Compare The Town with Witness, for example. Structurally, they’re quite similar. A crime in Act 1 throws together a Yin and Yang couple, which turns Act 2 into a romance, which will be threatened by the resolution of the crime in Act 3. Witness is one of the greatest films ever made because there is a gulf a couple of centuries wide between John Book (Harrison Ford) and Rachel Lapp (Kelly McGillis). The gap between MacRay and Keesey, by contrast, is an impatient New York minute.

But the major reservation I have with the screenplay is the ending.

MacRay, as the protagonist, should be active at the climax and he’s not. When they are hemmed in at Fenway Park and their cause seems irretrievably lost, it’s not MacRay whose enterprise and/or courage saves the day. It’s not even Coughlin, MacRay’s best friend and quasi-brother who engineers their escape but the rarely sighted Magloan. If we knew this guy from Adam and had come to care deeply about him, this could have been an Oates “I am just going outside and may be some time” sort of moment. But even if that had been a moving sacrifice, to earn his hero’s spurs MacRay would still have to confront and overcome his antagonist, and he doesn’t. Like an NFL running back, he just glides through the gap created by the blocking of Gloansy and Coughlin and swans off into the sunset. Sure, he then guns down Fergie, which makes us feel good but, since it doesn’t involve a demonstration of character, it doesn’t deliver any sense of catharsis.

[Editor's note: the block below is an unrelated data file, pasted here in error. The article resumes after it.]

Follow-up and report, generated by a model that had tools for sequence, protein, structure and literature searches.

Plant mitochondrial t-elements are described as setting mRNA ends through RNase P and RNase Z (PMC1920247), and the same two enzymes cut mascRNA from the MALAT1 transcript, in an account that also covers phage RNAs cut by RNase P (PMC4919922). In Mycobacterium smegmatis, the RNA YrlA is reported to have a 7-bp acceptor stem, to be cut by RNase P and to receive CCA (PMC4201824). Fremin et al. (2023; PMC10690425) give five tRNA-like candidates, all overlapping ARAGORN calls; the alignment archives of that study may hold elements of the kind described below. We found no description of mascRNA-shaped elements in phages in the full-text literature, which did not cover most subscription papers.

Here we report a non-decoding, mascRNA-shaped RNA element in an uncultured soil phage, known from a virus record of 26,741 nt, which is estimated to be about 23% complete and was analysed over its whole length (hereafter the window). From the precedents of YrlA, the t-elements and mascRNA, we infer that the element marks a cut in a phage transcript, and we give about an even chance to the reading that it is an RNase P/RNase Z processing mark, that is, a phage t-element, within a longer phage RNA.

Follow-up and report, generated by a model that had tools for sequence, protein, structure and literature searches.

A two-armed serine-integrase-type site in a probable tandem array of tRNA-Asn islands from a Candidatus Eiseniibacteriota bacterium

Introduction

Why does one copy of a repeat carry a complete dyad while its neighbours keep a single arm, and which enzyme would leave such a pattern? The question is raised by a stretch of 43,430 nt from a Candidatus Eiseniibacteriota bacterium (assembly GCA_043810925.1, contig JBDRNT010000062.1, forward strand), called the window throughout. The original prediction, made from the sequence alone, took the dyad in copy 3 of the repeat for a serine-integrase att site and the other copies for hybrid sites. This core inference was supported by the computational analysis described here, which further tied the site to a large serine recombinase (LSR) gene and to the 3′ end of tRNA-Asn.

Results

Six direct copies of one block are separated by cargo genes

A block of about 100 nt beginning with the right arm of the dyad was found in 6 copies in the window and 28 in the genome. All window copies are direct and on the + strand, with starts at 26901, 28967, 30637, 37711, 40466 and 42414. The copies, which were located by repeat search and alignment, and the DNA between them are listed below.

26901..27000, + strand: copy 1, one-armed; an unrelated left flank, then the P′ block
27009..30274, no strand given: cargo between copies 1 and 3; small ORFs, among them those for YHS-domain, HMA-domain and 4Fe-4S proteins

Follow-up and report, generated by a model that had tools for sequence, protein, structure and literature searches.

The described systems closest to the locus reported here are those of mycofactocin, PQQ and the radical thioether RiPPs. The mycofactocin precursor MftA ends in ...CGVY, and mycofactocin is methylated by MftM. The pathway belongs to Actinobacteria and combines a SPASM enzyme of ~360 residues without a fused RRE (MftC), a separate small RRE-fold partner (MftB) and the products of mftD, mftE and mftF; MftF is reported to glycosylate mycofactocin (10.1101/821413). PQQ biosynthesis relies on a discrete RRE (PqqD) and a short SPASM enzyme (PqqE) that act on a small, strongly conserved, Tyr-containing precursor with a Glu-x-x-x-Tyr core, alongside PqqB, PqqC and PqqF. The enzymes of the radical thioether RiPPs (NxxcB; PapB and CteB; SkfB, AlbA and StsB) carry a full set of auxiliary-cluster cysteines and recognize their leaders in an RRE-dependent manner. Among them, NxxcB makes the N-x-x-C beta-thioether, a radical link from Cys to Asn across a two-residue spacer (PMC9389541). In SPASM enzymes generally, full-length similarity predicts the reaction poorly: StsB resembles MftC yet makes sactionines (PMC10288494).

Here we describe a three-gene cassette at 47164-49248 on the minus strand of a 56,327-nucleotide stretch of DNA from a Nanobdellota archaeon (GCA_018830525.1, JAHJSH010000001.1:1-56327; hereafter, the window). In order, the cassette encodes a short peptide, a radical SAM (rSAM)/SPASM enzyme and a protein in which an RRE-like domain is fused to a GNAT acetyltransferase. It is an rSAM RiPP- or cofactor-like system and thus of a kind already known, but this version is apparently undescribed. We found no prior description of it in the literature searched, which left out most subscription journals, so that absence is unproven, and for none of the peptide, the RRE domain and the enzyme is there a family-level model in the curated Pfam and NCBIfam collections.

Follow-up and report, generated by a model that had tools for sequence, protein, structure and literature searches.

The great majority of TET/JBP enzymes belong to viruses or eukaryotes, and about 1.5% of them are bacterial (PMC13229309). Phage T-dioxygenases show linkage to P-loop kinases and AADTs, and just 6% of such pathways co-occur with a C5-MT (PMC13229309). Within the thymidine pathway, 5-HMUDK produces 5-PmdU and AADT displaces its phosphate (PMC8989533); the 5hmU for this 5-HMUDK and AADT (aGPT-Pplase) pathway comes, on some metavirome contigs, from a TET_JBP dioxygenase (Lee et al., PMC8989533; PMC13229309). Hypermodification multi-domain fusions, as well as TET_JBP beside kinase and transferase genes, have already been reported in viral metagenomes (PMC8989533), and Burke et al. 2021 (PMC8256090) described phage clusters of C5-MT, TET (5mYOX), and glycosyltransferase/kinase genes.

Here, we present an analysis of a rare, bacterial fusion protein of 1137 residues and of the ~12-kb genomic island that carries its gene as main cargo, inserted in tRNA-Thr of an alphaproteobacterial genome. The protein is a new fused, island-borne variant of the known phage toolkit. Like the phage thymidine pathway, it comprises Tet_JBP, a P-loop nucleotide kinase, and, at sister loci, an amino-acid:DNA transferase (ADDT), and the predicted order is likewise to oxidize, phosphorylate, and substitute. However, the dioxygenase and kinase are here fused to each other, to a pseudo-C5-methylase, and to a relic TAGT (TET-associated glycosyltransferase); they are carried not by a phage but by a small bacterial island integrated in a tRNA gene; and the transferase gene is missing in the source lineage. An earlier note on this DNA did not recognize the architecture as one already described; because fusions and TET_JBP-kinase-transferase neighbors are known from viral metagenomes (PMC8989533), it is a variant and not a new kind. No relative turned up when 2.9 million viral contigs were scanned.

Yet, a wonderful ending was within the film’s grasp.

We’d had that scene where Coughlin reveals that he’d done 9 years in the slammer because he’d killed a guy who was gunning for his best buddy, MacRay. That created a debt that should have made it very difficult for MacRay to leave.

And, later, when MacRay looks to be home free, he watches Frawley follow Coughlin, and you think, “Oh, how good is this?” He could get away but the debt he owes to Coughlin will oblige him to try to save his friend and in the process he’s going to get killed. This would have realised the premise that the sins of the fathers are visited upon the sons, or some such. But no. He doesn’t save his friend. He just stands idly by – this is the protagonist we’re talking about here, folks – as the guy who saved his life is gunned down.

In taking that limp option, what does the film have to say? Not a whole lot. What is his sacrifice? That he’s not able to live with his loved one but he does get to lead a pretty idyllic life down in the bayou. Moved, anyone? No, I didn’t think so.

You wonder why they took that course. I haven’t read the novel upon which it’s based, Chuck Hogan’s The Prince of Thieves, but, in reading a few reviews online, several people say they felt let down by the ending so it’s likely the film is faithful to the book. It shouldn’t have been.

It’s interesting how many writers (and producers and studios) are afraid to kill off their heroes, yet it’s lily-livered, counter-productive folly. Would One Flew Over the Cuckoo’s Nest have been half the film if McMurphy (Jack Nicholson) hadn’t died? Would we revere Dead Poets Society if Neil hadn’t wrapped his mouth around a Smith and Wesson? Would American History X have had anything to say if Danny hadn’t died by the sword brother Derek had forged? God spare us from endings dictated by focus group research.

The Town is smart, its action scenes are gripping and it takes us on a thrilling sprint – to mix my sports metaphors – all the way to third base. It just doesn’t bring us home. That’s a pity. Because with a stronger relationship and a ballsier ending, it might just have found itself among the great heist flicks.

When is my next 2-day screenwriting course?